Advice for Future Implementations

Part of the InTeGrate University of Illinois Chicago Program Model

Consideration of context:

The University of Illinois at Chicago is both urban located and urban serving. The majority of our students come from the surrounding Chicagoland region, about one-third are first generation college students, and 65% of students identify as non-white. There are high expectations for faculty in terms of both research and teaching responsibilities.

There have been recent and ongoing discussions in our department about increasing our number of majors and demonstrating our importance to the college and university. Within the past year, the Dean of the College of Liberal Arts and Sciences and the Chancellor of the University have visited the department and discussed among other things the importance of undergraduate education.

Things that worked well that we would do again

Faculty Discussion

Faculty were open to participation and discussion of improving student education and engagement. While we did not implement large scale workshops or regular seminars on the InTeGrate modules, we found that many faculty were open to discussions about teaching content and style. Our most successful collaboration was a small group session that was used to revise an entire course. We provided a supportive environment for a motivated faculty member who was mentally ready for the time and effort revision would take. In other instances faculty liked the main themes and pedagogies of the InTeGrate modules, but wanted to develop something of their own to fit within the scope of their course.

Working with Alumni

Connecting with alumni was one of the most successful aspects of our program. We are fortunate that many of our alumni work locally, making it easy for us to visit them and for them to visit campus. Materials (YouTube videos and powerpoint slides) featuring alumni were well received by faculty and appreciated by students. On campus visits by alumni and local employers were also highlights within the semester that educated students and faculty alike on urban careers in geoscience and the professional geology license.

Support from Outside the Department

Faculty meetings with the Chancellor of the University and the Dean of the College of Liberal Arts and Sciences has helped reinforce ideas about improving undergraduate education. Both were supportive of our current efforts and reiterated the importance of connecting with students and desires to increase enrollment at the University and College level. Many faculty acknowledged that students often discover the geosciences by taking an introductory course and that these courses could be a key component to increasing our number of majors. To help our efforts in undergraduate education, the Dean of the College of Liberal Arts and Sciences was also able to provide our department with additional financial support for graduate student workers in the fall and summer semesters.

Additionally, we were able to seek out partnerships from the Office of Career Services and the Teaching and Learning Center. Representatives from both organizations came to talk to faculty about engaging students. The Office of Career Services also continues to help us in the classroom by talking with students about career resources and assisting students in the resume writing process.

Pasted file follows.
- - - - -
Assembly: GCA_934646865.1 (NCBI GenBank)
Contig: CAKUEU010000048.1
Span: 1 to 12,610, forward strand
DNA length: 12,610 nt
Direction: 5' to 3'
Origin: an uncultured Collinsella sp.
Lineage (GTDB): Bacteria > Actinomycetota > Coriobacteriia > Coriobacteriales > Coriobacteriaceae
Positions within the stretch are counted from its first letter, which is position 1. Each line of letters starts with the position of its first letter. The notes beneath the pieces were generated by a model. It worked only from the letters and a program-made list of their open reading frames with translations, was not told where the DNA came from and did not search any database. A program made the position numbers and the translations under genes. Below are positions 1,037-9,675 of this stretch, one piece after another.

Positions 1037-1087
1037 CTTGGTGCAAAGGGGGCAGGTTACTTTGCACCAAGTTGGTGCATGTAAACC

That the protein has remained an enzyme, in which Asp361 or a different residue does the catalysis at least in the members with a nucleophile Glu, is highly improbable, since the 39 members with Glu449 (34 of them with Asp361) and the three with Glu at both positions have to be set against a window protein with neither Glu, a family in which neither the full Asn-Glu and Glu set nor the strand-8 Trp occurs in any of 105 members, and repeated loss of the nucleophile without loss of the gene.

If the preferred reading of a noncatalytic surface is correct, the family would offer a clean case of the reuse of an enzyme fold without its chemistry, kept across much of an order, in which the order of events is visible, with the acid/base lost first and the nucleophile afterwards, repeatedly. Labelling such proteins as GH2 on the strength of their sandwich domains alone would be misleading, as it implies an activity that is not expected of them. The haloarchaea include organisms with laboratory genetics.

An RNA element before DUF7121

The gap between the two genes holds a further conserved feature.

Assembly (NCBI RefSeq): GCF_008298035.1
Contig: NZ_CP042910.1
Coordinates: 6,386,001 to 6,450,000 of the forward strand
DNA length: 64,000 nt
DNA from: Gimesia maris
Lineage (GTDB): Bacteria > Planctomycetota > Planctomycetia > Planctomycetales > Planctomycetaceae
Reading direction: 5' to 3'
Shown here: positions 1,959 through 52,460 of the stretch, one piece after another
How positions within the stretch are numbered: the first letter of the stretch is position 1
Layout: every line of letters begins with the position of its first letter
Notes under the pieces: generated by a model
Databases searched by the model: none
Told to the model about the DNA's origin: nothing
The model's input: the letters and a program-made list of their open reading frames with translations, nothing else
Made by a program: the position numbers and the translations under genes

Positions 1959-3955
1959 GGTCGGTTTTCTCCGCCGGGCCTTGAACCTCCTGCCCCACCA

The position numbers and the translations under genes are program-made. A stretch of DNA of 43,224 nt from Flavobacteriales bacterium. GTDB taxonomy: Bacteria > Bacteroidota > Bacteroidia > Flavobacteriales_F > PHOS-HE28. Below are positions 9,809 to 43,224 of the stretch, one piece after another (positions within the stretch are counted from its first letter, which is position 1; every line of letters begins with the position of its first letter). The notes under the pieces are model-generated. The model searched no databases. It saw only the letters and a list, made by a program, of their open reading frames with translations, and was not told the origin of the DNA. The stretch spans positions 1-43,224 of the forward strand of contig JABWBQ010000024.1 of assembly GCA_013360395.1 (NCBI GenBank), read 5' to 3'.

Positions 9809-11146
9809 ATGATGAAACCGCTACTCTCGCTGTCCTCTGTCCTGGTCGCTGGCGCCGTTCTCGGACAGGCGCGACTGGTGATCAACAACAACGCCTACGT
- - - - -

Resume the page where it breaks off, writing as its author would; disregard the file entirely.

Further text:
Strategies for overcoming challenges

Abundance of Material – The amount of material and large units were somewhat overwhelming for faculty. We wanted to focus our implementation on our large enrollment introductory courses that are taught every semester, but often by different faculty. However, because of the constraints in schedule and curriculum that was expected to be covered, it was easiest for our faculty to implement activities in a more piece-wise fashion throughout the semester instead of implementing a whole module.

Introducing New Teaching Strategies – Faculty in our program all felt that student engagement and competence in introductory courses could be improved. Some were ready to adopt and adapt the new teaching strategies associated with the InTeGrate modules, while others were a little more hesitant about implementation and such drastic changes in teaching style. A couple things that we found beneficial were 1) small strategy sessions to discuss implementation, 2) observing a faculty member using InTeGrate material, and 3) identifying motivated graduate students to help adapt material that could be used in lecture and lab.

Things to think about before you start this type of project

From the beginning of the program we found ourselves limited by time. Our project could have been improved if we had projected more realistic estimates for the time needed for implementation, coordination amongst faculty, and reaching out to partners. Moreover, once implementation began and other project goals were in the work, it was difficult to also keep track of data collection and surveying students. Overall, more may have been accomplished with more clear distribution and delegation of activities, instead of having just one program leader.